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I was working on my homework which was to write a description of what would occur if zinc and sulfur reacted and what steps would a scientist have to make in order to make them react. When I researched I bit, I saw that it would be a exothermic reaction, and I wanted to show this by using enthalpy. I haven't been taught this however, and as a result, I'm confused. I know that enthalpy equals the heat transfer and there is some sort relationship with bond energy, but I don't know how to apply this to the reaction.

Zinc Powder + Sulfur Powder = Zinc Sulfide + Energy

$\ce{Zn_{(s)} + S_{(s)} -> ZnS_{(s)}}$ + $205.98 \text{ kJ}$

Because $205>0$ this is an exothermic reaction. But where did this $205.98\text{ kJ}$ come from?

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The free energies of formation of the elements in their standard states is zero, by definition. You can look up the (variously reported) standard enthalpy of formation of the product, −204.6 kJ/mol (exothermic!). It is roughly the binding energy of the crystal lattice less the ionization energies of the inputs. So, by the numbers, do you obtain spalerite or wurtzite? ZnS has crystal polymorphs and polytopes with differently populated unit cells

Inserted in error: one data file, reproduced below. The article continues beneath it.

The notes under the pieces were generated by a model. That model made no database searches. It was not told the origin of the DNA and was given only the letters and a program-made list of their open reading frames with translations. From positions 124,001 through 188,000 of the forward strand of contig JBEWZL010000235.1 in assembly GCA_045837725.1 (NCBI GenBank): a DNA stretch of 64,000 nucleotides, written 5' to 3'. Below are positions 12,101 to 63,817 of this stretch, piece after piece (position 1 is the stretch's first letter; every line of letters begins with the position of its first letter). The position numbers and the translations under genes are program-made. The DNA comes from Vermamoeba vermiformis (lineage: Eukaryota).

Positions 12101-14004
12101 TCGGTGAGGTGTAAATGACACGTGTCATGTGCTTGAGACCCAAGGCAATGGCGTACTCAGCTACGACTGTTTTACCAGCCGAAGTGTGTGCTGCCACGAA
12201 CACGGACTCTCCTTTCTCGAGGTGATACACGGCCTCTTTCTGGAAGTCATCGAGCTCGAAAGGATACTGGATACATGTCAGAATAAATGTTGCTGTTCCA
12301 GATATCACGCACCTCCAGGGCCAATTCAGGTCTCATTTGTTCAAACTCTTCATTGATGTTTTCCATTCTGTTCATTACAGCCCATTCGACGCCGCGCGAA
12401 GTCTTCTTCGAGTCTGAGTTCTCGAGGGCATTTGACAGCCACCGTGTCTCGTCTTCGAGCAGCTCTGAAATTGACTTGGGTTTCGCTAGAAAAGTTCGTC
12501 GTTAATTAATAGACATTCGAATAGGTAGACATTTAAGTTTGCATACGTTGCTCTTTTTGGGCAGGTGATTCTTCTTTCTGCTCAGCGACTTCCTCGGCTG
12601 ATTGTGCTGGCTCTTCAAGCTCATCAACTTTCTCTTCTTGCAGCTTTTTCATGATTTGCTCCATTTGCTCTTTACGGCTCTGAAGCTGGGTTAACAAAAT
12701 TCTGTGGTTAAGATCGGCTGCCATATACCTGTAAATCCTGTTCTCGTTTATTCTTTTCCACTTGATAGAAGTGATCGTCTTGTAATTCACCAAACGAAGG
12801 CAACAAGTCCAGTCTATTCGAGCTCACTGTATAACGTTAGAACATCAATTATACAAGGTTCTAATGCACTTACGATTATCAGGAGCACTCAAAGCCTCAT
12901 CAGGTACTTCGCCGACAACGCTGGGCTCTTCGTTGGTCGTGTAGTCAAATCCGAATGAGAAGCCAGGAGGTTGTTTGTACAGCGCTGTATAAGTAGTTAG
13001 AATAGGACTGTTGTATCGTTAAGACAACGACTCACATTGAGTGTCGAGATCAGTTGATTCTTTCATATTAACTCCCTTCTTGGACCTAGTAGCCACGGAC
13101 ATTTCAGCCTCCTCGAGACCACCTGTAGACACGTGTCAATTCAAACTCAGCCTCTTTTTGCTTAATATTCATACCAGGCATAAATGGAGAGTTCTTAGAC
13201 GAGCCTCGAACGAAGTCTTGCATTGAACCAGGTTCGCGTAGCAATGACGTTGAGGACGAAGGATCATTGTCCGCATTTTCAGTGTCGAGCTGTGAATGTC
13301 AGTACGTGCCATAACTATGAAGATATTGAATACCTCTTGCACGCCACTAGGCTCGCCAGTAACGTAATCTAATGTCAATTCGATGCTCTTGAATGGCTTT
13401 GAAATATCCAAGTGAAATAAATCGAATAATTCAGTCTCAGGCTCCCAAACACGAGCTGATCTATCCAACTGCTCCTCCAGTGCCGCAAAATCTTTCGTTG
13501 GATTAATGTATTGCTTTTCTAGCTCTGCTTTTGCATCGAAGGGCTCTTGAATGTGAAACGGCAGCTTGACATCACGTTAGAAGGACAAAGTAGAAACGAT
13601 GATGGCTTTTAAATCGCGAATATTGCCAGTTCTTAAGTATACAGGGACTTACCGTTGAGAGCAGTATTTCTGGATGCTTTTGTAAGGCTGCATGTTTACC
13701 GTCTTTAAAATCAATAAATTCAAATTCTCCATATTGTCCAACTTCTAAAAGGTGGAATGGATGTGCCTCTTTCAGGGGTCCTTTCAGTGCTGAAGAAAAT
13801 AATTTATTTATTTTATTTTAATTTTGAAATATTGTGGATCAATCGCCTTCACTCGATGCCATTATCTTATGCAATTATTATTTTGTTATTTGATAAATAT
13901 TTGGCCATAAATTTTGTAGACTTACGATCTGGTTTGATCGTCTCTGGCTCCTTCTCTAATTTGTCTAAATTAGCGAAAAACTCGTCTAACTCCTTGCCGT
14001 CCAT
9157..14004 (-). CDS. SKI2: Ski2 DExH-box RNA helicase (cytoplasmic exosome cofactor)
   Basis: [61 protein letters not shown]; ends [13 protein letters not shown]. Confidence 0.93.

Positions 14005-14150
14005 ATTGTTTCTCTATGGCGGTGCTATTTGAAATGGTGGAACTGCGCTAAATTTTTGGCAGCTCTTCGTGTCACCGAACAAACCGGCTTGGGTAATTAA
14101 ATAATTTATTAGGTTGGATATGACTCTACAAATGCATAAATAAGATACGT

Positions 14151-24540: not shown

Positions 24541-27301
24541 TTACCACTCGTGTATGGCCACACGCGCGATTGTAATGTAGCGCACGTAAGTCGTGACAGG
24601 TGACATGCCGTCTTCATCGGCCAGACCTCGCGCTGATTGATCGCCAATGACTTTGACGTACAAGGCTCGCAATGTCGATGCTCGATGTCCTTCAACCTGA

$\ce{Zn_2S_2}$ Wurtzite-2H
$\ce{Zn_4S_4}$ Wurtzite-4H and Sphalerite
$\ce{Zn_6S_6}$ Wurtzite-6H
$\ce{Zn_15S_15}$ Wurtzite-15R

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  • $\begingroup$ If the reaction was Zn(s) + S_8(s) --> 8 ZnS(s), how would the enthalpy be affected? Also, you said that the free energies of the elements in their standard states is zero. So is the standard state of sulfur S_8 or S? $\endgroup$ – bandicoot12 Feb 11 '14 at 20:41
  • $\begingroup$ Balance the equation. Enthalpy of formation is per mole product. 8x input giving 8x output is the same number. Sulfur has some 30 allotropes, plus crystal polymorphs. "Elemental sulfur" is an S_8 ring formula unit in a = 10.45, b = 12.845, c = 24.46 A; Z = 16 (128 atoms); V = 3283.27 A^3 D_{calc} = 2.08 g/cm^3; orthorhombic space group Fddd. gps.caltech.edu/~vijay/Papers/Chemistry/Meyer-76.pdf $\endgroup$ – Uncle Al Feb 12 '14 at 18:14

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